Lots of things slow down over the summer. And we should too – sabbath matters. But maybe, just maybe, you could take the opportunity to leisurely join in some aspect of our life together and the life of our wider community that is outside your comfort zone.

Enjoy your summer explorations, beloved. May they be full of wonder, bring you closer to God and to one another.

Words from the Pastor

L. Grace Harmon
March 2023

There are some things we like to gloss over – unpleasant or challenging ideas, hard truths, tensions in our relationships. Lent is the season of what we would rather not think about, and yet are called to contemplate by God. As we are surrounded by cultural shows of Lenten life without much thought into the real meaning, I thought it might be a good thing to spend a minute giving some shape and purpose to Lent.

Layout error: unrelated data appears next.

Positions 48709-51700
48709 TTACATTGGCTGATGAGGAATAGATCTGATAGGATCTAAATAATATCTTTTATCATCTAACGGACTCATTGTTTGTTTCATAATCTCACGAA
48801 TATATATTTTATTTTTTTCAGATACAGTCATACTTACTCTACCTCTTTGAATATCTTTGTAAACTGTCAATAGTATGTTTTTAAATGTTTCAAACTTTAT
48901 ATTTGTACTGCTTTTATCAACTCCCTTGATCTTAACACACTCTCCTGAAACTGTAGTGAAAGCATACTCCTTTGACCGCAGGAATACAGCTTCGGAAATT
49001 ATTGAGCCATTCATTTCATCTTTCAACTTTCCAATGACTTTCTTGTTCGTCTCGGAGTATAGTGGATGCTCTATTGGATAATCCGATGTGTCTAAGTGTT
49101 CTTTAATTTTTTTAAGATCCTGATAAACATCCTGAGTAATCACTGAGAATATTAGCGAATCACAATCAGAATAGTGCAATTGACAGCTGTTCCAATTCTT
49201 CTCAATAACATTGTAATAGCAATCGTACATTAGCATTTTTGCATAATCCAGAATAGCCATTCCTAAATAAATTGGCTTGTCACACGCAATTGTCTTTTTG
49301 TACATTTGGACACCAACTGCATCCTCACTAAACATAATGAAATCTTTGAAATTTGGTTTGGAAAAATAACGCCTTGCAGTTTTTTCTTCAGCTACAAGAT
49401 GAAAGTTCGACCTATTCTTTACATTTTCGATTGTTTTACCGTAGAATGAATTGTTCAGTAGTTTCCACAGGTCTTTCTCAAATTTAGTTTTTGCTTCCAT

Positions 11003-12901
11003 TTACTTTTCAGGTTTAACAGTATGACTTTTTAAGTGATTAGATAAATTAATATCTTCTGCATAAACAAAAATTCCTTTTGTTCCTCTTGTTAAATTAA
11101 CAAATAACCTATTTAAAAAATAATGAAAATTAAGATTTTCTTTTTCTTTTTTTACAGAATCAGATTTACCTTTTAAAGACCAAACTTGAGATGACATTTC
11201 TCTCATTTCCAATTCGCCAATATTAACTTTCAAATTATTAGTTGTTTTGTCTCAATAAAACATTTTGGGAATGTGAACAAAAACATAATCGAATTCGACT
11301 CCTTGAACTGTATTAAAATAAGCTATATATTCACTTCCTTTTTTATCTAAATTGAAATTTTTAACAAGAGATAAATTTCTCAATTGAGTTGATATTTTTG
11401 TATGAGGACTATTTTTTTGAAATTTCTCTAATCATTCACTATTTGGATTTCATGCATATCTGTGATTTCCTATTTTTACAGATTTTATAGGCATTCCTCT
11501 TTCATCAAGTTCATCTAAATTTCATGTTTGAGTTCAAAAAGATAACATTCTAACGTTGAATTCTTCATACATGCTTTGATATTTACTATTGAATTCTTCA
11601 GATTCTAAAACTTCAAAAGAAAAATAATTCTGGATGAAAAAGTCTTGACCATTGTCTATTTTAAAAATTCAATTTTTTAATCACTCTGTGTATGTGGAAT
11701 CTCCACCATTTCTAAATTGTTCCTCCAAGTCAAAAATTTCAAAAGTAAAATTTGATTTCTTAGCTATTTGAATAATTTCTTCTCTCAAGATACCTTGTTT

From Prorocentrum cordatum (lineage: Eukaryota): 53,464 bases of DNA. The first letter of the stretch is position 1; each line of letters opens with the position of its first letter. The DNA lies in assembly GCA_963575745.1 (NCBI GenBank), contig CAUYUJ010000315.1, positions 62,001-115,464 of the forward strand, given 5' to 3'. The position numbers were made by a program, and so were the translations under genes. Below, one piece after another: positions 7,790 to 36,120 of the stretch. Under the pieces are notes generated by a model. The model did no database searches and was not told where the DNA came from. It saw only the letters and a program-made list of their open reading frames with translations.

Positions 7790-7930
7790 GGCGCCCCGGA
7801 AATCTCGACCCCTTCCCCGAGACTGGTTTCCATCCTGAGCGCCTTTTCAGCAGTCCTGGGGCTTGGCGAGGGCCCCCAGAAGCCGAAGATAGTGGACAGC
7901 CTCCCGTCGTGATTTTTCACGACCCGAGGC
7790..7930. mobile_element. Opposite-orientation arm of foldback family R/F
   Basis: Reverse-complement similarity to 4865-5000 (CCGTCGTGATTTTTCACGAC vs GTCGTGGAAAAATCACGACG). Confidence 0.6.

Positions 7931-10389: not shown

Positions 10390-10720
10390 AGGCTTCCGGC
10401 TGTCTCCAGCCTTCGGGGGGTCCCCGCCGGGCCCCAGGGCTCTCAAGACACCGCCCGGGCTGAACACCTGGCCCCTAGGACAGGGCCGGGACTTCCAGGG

Just before Lent there are a couple of days of excess: Mardi Gras, Carnivale, Fasching, Shrove Tuesday. The simplistic view is a desire to be a bit gluttonous, as if we can store up indulgence to last us through a period of fasting. That may be a part of it, but there is a deeper reason for this over indulgence. Overindulgence has a cost. The over-eating, the hangovers, the exhaustion from staying out till all hours, are all the prices we pay for excess. A little indulgence now and then means we don’t feel the full effect of those consequences – we can tell ourselves they aren’t a big deal. But when we really go wild, it’s like a magnifying glass has been put up to what is happening day to day, and we cannot escape asking at what point we may have had too much of a good thing to be good anymore.